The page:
ABPP – Berberine

New Therapeutic Prospects for Traditional Medicine: ABPP Technology Unveils Berberine's Novel Anti-Inflammatory Target EIF2AK2

Traditional medicine is being revitalized with new pharmacological applications as advanced techniques such as Activity-Based Protein Profiling (ABPP) shed light on previously unknown therapeutic mechanisms. In this context, ABPP technology has recently revealed a novel anti-inflammatory target of berberine, a compound extracted from traditional Chinese medicinal plants and commonly known as Coptisine or Huanglian in China. The discovery highlights EIF2AK2 as a key player in berberine's anti-inflammatory effects, opening up fresh avenues for its use in the treatment of inflammation-related diseases. This breakthrough underscores the potential for repurposing and optimizing traditional medicines through modern scientific methods.


Berberine, a traditional alkaloid with wide-ranging pharmacological effects including anti-inflammation, hypoglycemia, and cardiovascular protection, has drawn considerable attention. However, its precise molecular mechanisms, particularly in inflammation suppression, remain unclear.

This study fills this knowledge gap using ABPP technology to identify EIF2AK2 as a critical target engaged by berberine for its anti-inflammatory action. The findings deepen our understanding of berberine's mechanism and provide a scientific basis for repositioning berberine and developing new EIF2AK2-targeted anti-inflammatory drugs.

The team employed advanced chemoproteomic methods to systematically investigate berberine's interactions with intracellular proteins, confirming its specific binding to EIF2AK2 and modulation of its enzymatic activity. This influences inflammatory response pathways, effectively inhibiting inflammation progression. This significant breakthrough offers insights into berberine's anti-inflammatory mechanism and supports the development of novel therapies targeting EIF2AK2.

ChomiX provides cutting-edge services like ABPP and CETSA to aid researchers in exploring drug mechanisms and expediting new drug development efforts.

Research Route


Experimental process

1. Probe 11b was employed as a functional tool in proteomics research.

The authors synthesized and screened novel BBR photoaffinity probes containing dibenzoyl groups within LPS + Nigericin-activated THP-1 macrophages. Among these, compounds 7a and 11b displayed time- and dose-dependent inhibitory effects on IL-1β expression, demonstrating enhanced efficacy compared to the parent compound BBR. Through Activity-Based Protein Profiling (ABPP) analysis and fluorescence scanning, it was substantiated that both 7a and 11b effectively bind to their target proteins and exhibit competitive inhibition, thus indicating a mechanism of action akin to that of BBR. Based on the observation that compound 11b exhibited marked changes in fluorescence intensity within the concentration range of 2.5% to 25%, particularly at a concentration of 20 millimolar where the fluorescence signal variation was most prominent, it was chosen as the functional probe for proteomics studies. This selection was grounded in its superior responsiveness, which renders it suitable for elucidating protein interactions in a proteomic setting.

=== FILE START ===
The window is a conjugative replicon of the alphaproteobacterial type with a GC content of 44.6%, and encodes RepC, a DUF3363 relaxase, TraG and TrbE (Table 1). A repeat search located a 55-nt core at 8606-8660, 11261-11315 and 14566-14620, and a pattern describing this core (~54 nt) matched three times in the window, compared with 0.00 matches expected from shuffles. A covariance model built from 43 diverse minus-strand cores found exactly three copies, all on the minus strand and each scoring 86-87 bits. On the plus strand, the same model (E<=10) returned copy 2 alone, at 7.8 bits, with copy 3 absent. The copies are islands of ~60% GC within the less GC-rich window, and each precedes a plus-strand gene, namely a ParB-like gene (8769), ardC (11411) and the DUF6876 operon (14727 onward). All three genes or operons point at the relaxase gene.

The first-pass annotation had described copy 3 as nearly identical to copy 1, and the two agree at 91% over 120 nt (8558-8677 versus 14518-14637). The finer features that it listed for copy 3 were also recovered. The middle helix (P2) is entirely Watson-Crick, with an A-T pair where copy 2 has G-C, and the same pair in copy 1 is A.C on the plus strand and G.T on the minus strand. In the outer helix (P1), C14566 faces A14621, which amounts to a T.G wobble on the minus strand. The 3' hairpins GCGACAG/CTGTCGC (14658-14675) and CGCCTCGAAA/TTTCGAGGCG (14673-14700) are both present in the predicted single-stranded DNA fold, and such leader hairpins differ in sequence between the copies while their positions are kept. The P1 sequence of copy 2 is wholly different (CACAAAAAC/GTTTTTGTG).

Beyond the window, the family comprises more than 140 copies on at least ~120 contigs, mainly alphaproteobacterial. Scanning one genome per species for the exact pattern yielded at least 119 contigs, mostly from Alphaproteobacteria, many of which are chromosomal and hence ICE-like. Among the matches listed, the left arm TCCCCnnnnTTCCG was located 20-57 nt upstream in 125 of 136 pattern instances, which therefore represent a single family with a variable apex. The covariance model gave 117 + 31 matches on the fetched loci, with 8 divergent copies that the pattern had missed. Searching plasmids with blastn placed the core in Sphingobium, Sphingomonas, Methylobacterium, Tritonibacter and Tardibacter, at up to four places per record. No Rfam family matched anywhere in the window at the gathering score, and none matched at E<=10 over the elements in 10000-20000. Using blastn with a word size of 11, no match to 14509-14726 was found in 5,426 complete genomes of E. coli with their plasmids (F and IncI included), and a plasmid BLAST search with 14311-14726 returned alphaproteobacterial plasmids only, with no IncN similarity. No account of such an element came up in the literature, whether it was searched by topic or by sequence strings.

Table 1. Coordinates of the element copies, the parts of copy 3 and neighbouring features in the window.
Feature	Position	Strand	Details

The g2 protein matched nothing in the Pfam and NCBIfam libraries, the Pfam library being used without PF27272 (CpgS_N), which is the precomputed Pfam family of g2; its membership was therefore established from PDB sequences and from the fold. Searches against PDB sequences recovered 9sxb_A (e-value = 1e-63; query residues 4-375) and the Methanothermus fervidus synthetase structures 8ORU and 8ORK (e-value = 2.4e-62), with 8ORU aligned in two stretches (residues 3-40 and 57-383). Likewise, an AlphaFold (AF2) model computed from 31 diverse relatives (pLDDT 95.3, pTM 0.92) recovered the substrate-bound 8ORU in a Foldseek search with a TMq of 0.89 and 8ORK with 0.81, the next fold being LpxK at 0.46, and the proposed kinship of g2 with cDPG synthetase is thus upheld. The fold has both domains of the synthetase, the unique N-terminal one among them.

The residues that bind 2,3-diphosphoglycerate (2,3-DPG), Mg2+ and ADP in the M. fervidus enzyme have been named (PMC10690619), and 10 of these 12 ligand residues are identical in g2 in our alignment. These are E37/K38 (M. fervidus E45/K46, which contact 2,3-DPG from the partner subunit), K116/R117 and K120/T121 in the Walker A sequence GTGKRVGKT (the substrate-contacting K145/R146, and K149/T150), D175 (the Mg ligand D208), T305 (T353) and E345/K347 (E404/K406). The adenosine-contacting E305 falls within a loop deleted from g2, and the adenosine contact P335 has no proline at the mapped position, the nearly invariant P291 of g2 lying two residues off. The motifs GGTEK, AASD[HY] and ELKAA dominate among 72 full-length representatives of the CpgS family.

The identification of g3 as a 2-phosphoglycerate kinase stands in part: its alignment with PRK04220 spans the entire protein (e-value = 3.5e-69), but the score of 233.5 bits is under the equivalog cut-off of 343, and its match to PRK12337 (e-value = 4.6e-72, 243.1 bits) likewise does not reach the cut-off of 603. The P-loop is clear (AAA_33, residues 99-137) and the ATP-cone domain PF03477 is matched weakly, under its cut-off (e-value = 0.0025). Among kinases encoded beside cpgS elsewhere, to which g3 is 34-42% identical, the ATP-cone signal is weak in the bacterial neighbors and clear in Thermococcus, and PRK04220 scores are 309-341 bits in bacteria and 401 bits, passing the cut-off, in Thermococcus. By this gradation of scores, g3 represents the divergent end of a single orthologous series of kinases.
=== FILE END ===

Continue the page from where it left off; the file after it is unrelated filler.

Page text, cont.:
Figure 1: Screening and evaluation of BBR probes.

2. The novel probe 11b has identified 44 inflammation-related target proteins of BBR within THP-1 cells, and it has revealed EIF2AK2, eEF1A1, PRDX3, and VPS4B as direct targets with specific interactions with BBR.

The authors, through a series of experiments, successfully employed the novel probe 11b to tag and purify potential target proteins within THP-1 cells. Following this, they utilized LC-MS/MS analysis to identify 44 inflammation-associated proteins in the molecular weight range of 20 to 80 kDa, among which six were found to potentially play critical roles in BBR's anti-inflammatory actions. In further investigations, EIF2AK2, eEF1A1, PRDX3, and VPS4B were confirmed as direct targets of BBR, exhibiting competitive inhibition effects under high concentrations of BBR treatment. This finding disclosed the likely existence of specific interactions between these proteins and BBR, thereby elucidating new insights into their engagement with the drug during its anti-inflammatory processes.